Day 24-Finding Enjoyment in Reliving the Past

I had forgotten how much I loved Fanta Orange soda until one hot day at a McDonald's in Barstow.  

It wasn't an enjoyable trip that day, we were on our way to Bullhead City in Arizona so Dave could do a memorial service.  It was a service for the sister of a close friend of ours, a woman younger than me who shouldn't have died as she had.  I wasn't looking forward to it.  We had stopped for a quick lunch amid a forest of fast food places and as I stood before the soda dispensers, I saw that they had Fanta Orange.

Maybe it was because of the then recent loss of my dad and the fact I was on my way to a memorial that triggered the memory. Since my dad died I realized I have a lot of fond, food related memories, and most of them centered on something I did with my dad.  5th Avenue candy bars as we watched Adam 12 every week.  Bologna sandwiches and a thermos of hot chocolate on the winter time weekend drives.  Fanta Orange during football games.  He would have his one can of beer, I would have my one can of Fanta. 

When my husband came to the table and saw a tall cup of orange, he looked at me like I'd like lost my mind.  But since he likes anything but peas, he didn't complain. So we ate and split the orange soda, which was shockingly refreshing on a blistering day. After lunch, we hit the road.  

It was a bitter sweet trip.  I had also spent a lot of time in that part of Arizona with my folks, rather, my dad while my mom played bingo in a casino.  I took Dave around to some of the places we used to go, which made me both happy and sad at the same time.  We had a great evening out at dinner with our friends, eating Mexican food while looking out over the Colorado River, one of my favorite sights.  It was fun to meet our friends large, loud, funny family, who one minute was cutting up but then, as so often in grief, the next minute sobbing on the shoulder of a woman they just met.  Their grief was heartbreaking.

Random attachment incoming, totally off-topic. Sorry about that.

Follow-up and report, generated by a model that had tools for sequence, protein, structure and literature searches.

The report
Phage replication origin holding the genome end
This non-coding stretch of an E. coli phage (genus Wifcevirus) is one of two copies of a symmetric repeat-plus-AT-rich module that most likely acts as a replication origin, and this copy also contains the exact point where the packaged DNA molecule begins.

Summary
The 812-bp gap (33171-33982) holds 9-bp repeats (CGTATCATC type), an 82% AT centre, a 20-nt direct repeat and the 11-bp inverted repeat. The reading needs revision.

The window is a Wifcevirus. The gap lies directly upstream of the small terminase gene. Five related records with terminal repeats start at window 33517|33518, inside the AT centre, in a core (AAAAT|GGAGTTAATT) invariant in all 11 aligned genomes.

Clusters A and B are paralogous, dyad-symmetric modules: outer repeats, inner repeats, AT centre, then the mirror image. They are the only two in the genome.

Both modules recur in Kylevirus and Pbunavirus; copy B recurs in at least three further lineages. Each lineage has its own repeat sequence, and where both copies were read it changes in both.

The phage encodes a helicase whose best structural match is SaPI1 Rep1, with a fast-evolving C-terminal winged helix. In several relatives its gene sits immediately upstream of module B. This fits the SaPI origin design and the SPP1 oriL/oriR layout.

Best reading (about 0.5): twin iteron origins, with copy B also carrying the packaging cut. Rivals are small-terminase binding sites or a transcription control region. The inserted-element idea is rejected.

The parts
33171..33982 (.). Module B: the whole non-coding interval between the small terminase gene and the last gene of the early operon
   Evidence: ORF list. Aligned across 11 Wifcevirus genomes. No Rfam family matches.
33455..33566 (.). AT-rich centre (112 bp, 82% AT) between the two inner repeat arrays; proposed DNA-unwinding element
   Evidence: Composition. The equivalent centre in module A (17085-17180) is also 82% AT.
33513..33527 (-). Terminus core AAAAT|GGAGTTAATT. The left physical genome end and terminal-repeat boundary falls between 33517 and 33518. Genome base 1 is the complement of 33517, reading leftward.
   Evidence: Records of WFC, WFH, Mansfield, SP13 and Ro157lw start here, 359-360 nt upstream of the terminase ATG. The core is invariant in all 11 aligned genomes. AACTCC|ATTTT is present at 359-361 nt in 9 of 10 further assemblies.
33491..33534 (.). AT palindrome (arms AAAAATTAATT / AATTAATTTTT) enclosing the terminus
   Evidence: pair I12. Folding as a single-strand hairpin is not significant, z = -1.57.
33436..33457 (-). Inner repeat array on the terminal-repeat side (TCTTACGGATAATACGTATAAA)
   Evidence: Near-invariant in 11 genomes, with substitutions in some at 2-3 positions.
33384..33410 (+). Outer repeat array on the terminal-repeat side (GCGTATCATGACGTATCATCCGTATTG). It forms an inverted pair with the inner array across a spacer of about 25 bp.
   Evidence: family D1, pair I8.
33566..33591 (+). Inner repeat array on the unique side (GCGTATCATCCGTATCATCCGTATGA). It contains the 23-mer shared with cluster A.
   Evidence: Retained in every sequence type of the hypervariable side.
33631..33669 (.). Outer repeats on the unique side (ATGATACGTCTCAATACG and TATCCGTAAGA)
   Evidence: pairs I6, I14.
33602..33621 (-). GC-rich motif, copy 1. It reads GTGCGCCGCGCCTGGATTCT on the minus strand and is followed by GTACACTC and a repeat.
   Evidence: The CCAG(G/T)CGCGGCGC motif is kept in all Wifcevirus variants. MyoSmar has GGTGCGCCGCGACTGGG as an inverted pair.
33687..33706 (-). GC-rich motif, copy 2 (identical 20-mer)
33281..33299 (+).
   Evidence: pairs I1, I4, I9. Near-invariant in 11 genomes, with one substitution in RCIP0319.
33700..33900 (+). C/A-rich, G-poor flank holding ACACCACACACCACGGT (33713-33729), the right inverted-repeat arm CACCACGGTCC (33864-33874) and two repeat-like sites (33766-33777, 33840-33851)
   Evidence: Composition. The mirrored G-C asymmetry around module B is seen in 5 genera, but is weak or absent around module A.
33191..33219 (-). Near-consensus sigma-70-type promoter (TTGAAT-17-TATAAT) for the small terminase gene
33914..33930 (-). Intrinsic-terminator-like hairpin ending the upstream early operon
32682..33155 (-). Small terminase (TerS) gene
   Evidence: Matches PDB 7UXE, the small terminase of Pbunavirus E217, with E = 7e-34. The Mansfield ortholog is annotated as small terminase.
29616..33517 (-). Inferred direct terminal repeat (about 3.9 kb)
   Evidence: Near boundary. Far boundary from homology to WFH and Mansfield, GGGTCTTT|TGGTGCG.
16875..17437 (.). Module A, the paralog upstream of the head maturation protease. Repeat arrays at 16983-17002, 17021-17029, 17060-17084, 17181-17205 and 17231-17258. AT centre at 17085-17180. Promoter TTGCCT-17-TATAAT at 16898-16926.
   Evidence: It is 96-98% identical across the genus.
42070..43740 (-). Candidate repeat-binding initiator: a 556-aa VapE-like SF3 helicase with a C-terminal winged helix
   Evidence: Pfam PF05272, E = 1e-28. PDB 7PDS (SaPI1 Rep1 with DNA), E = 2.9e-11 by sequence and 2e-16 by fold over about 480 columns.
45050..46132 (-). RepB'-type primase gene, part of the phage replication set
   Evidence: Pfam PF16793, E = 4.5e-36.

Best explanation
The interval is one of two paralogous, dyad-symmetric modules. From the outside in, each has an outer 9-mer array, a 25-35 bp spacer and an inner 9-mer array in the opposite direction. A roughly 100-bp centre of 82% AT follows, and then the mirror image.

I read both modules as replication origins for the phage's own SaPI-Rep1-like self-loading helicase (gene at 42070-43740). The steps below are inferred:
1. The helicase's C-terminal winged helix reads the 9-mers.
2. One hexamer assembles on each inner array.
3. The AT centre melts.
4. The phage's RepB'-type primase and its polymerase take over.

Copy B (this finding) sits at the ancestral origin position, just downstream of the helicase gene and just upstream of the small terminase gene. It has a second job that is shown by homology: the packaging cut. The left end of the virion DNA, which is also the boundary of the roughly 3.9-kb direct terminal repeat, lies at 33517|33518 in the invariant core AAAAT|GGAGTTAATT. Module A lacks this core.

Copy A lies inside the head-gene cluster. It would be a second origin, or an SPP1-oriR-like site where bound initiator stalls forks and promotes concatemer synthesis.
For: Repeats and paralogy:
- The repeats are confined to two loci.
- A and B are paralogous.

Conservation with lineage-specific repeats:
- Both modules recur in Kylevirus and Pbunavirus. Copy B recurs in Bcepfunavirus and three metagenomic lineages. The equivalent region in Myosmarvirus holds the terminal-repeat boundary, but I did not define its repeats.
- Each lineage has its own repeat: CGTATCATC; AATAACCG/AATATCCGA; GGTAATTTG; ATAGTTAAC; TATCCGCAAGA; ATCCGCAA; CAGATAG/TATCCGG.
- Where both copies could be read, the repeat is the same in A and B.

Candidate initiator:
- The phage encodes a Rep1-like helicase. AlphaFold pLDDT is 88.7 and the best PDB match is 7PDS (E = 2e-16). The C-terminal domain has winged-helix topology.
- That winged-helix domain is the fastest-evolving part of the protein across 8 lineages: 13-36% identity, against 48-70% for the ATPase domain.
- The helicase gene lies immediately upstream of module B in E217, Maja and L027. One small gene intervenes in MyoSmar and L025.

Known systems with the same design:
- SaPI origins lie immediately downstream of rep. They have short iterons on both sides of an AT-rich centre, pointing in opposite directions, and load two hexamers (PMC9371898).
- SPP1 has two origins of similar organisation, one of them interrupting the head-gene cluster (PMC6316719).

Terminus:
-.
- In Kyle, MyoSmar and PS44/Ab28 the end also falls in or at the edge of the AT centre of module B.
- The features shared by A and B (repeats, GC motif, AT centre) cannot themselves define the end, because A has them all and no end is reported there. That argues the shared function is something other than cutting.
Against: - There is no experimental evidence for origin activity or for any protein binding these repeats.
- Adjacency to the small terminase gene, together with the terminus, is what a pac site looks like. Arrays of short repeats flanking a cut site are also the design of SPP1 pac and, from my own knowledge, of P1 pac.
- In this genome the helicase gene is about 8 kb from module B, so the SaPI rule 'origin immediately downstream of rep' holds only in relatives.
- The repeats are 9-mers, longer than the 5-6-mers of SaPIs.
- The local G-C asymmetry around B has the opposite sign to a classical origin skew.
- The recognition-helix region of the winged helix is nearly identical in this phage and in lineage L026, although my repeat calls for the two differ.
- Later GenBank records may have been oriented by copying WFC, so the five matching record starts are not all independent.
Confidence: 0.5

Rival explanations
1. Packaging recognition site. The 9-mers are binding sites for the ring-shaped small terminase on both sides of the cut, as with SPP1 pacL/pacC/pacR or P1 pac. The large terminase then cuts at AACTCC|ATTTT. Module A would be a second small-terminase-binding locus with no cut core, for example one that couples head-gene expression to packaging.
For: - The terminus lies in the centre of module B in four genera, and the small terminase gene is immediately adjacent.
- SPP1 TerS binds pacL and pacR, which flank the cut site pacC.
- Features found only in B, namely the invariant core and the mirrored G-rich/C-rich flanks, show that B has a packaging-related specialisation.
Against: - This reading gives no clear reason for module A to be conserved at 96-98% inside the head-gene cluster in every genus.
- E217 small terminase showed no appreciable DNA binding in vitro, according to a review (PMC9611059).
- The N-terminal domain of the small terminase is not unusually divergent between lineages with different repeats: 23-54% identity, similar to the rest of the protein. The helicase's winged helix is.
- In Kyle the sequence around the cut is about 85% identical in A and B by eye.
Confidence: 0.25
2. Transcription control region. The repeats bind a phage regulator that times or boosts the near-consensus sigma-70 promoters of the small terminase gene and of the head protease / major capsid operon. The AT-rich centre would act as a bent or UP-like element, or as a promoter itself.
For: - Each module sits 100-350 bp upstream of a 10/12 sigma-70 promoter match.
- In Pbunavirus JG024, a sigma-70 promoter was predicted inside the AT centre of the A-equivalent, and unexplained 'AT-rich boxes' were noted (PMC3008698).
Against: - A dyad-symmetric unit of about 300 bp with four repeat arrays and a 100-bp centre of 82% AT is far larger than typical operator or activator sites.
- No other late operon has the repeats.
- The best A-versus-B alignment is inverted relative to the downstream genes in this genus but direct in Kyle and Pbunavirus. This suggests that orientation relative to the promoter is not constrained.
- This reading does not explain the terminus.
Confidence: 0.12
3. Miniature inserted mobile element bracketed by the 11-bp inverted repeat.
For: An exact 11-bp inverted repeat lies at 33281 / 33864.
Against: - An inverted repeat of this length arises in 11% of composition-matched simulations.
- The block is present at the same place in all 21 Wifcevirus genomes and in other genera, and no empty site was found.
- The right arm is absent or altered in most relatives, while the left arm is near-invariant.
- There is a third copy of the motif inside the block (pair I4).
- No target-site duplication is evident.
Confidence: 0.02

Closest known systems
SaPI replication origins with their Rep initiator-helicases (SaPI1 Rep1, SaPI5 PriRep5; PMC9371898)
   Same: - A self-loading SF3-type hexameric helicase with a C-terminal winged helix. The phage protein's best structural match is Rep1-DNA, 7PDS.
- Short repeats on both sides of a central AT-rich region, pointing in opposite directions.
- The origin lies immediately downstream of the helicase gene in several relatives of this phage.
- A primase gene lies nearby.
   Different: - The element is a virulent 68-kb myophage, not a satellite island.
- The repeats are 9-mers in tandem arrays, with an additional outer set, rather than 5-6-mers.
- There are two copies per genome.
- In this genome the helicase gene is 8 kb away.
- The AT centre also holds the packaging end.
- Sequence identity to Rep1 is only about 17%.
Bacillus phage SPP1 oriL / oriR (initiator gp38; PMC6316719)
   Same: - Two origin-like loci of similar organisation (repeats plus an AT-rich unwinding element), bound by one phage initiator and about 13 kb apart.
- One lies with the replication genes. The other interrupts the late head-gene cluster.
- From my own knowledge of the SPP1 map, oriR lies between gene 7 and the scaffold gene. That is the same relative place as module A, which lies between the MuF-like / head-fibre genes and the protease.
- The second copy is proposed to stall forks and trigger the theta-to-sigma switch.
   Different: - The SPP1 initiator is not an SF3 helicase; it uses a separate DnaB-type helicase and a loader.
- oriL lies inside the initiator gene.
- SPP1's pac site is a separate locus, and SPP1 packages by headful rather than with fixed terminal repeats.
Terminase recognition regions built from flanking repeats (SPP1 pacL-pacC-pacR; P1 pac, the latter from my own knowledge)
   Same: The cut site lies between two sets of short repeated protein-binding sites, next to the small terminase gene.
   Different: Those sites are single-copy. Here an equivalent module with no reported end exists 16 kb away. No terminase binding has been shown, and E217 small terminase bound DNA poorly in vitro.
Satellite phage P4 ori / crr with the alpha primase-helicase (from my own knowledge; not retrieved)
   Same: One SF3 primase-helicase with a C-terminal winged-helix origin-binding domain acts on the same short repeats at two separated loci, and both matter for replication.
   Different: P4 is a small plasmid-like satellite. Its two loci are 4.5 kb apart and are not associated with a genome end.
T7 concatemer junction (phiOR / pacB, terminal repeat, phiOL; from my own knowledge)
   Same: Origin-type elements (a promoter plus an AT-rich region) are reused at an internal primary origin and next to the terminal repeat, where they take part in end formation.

The memorial was awesome.  Dave shared, our friend shared, and I watched God move and work among a grieving group of people in the most visible way.  The one who left to run an all important errand (I knew he wouldn't stay, my friend said) who came back just in time to hear the gospel because the memorial was delayed.  It was one of those God ordained you-can-run-but-you-can't-hide moments.  The rebellious back-slidden Christian in the profane t-shirt that ended up talking privately with Dave for a half hour. God moments all around and it was amazing and awe inspiring. We left for home late in the day as the memorial ended. 

Every now and then, when we go out to eat, Dave surprises me with orange soda, but only if they have Fanta.  Memories are funny things.  Sometimes, revisiting the past makes new memories in the present.  

God tells us many times in His Word to remember.  Sometimes specific things, sometimes good things, sometimes bad things. God places a high value on the past as a way to dictate our future. If you remember what He did for you in the past, you'll trust Him more in the present.  If you remember what happen to those who disobeyed, hopefully you'll choose differently than they did.  It's important for us to remember.  

Sometimes memories are painful.  When they are, because of what's been done or what we've lost, this is what we need to remember:

I will remember the works of the Lord; surely I will remember Your wonders of old.  Psalm 77:11

Because the memory of the wonders of old hold promise of new wonders to enjoy. His love never fails.   

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